It centres on Daniel (Ryan), a young man who is meeting someone in a strange place, so he's understandably a bit nervous about the situation. He arrives at the address, enters the flat and removes his shoes. Three guys are there, apparently making a drug deal. So Daniel nervously sends a text to a friend and books a car home. But the host Lewis (Blessie) is friendlier than he looks, and welcomes him to wait inside. Soon they find an amusing connection, and even some camaraderie as they begin teasing each other.
There's a terrific sense of tension on two fronts in this short: is there something dangerous here, or is there a deeper commonality between these guys? It's backed with beautifully observed moments, and the interaction is sharply well-played by the cast, layering banal conversation with underlying thoughts and feelings. All of which makes the film almost unnervingly warm and engaging. So ultimately it becomes a celebration of taking a risk, putting yourself out there, rejecting constraints. And the final touch is lovely..
dir-scr Leyla Coll-O'Reilly
with Mollie Milne, Michelle Donnelly, Sharon Young, Kimberley Chimdinma Hoyle, Nicole Nelrose, Shannon Davidson, Natacha Baker, Antonia Giomi
Intimate and perceptive, this short drama centres on an understandably rebellious teen. It's skilfully directed by Leyle Coll-O'Reilly, with excellent cinematography, editing and sound mixing that has a remarkable attention to detail and perspective. Even the smells seem vivid. All of this creates an intense atmosphere, a blackly comical horror floodlit in pink and white. It's subtle and very clever.
After being thrown out of school at age 15, the withdrawn Hannah (Milne) is told by her mother Angela (Young) to get out of the house. She has arranged for Hannah to work in a beauty salon, and sends her out with the comment: "Don't embarrass me today." While the boss Skye (Donnelly) is imperious, the other employees are absurd glamour girls who giggle at her. But Hannah doesn't want to be pretty and stands up for herself amid the teasing. Then Skye suggestively asks Hannah how much she wants this job.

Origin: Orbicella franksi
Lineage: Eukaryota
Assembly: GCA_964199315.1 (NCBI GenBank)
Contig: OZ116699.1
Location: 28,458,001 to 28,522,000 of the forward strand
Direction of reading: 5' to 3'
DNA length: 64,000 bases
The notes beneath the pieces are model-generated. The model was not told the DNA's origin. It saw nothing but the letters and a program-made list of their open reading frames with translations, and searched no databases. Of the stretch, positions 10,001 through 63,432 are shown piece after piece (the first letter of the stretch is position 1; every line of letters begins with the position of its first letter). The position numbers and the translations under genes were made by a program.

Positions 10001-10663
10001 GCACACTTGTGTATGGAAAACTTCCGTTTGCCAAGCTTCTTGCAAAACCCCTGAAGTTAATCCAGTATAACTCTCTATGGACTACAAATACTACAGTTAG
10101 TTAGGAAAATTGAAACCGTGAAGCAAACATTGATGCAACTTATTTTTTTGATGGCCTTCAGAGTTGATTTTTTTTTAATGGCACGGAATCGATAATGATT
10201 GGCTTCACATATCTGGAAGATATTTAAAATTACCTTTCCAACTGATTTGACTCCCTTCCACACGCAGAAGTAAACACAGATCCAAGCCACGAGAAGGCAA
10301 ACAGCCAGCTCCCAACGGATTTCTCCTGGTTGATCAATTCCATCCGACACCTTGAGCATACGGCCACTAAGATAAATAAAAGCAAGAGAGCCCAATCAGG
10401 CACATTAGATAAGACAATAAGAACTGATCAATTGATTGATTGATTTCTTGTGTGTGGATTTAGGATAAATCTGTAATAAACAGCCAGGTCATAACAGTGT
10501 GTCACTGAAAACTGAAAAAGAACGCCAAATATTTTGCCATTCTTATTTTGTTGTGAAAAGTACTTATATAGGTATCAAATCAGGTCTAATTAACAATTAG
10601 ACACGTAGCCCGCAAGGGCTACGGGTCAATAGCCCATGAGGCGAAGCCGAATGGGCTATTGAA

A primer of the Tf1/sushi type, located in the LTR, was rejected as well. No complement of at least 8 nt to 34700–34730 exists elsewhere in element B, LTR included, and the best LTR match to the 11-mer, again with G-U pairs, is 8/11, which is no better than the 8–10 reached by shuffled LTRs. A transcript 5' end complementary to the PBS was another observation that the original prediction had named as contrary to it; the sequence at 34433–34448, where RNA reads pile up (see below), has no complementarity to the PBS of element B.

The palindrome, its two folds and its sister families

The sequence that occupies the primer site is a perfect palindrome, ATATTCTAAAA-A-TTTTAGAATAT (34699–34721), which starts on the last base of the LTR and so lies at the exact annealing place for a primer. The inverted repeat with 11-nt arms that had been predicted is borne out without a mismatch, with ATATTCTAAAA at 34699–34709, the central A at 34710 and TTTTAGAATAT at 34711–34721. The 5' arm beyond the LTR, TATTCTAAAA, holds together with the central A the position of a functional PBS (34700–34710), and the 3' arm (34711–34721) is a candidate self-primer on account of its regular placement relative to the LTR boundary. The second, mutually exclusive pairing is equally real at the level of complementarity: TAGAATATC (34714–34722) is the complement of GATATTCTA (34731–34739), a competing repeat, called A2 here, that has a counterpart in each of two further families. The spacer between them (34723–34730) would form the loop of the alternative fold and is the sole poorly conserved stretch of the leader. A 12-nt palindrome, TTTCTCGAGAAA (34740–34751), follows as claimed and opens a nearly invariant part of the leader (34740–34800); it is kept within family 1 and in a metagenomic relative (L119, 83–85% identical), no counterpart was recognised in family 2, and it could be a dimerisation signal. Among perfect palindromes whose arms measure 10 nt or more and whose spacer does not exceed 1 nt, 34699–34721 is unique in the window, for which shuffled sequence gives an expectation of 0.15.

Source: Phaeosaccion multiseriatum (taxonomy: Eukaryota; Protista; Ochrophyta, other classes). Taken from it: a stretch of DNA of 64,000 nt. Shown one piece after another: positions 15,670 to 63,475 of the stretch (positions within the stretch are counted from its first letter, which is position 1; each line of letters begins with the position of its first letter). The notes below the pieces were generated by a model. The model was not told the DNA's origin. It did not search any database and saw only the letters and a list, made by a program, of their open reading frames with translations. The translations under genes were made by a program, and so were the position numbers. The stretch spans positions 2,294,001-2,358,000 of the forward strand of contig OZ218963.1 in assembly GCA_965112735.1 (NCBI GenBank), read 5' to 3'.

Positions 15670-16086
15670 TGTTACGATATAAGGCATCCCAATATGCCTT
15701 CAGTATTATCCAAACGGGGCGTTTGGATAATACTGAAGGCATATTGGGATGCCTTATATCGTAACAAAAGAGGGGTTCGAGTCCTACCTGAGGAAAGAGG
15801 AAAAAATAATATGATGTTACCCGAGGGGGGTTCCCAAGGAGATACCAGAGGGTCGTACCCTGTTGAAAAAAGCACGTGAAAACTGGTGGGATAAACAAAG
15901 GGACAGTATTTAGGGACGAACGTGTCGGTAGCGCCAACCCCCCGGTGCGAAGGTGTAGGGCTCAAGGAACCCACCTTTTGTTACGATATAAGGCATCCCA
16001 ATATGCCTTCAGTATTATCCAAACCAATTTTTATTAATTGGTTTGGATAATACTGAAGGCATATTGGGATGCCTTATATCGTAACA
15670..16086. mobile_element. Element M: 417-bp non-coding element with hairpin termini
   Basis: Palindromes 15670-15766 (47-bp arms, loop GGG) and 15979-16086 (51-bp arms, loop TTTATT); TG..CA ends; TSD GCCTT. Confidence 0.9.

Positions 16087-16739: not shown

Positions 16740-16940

The film is beautifully underperformed with minimal dialog, as the camera captures tiny details of an overly prettified world that Hannah can't identify with. She's overwhelmed by the textures of skin, hair, makeup, jewellery, clothing, food and even heavy breathing. And she's also sensitive to passive criticism. This makes the film girly, insinuating and even sexy. So there's a sinister edge to Skye's comment to Hannah: "This could be your chance to turn things around. You could be really pretty if you tried." And Hannah's decision to do something deliberately abrasive makes us want to cheer.
dir Roxy Rezvany
scr Emily Renee, Roxy Rezvany
with Emily Renee, Aidan O'Neill, Natalie Radmall-Quirke
This sharp and skilfully made short drama opens on a closeup of a young woman telling a painfully personal story. It's an extended emotional take that quickly flips into something else entirely. With a staggering central performance from actor-screenwriter Emily Renee, filmmaker Roxy Rezvany gives the film an unnervingly light, seemingly innocuous tone that highlights the hideous nastiness underneath.
It opens on Maya (Renee), a young woman reporting domestic abuse to a police officer (Radmall-Quirke). Maya notes that the violence emerges unpredictably, "every few days when he gets angry or drunk". And she hasn't told anyone else, which makes her emotional. Suddenly a director (O'Neill) says, "Let's cut there." And they begin talking about the character and the scene. A second take is more intense. A third is less controlled. Then he cuts again and begins quizzing the actress on her multiethnic background.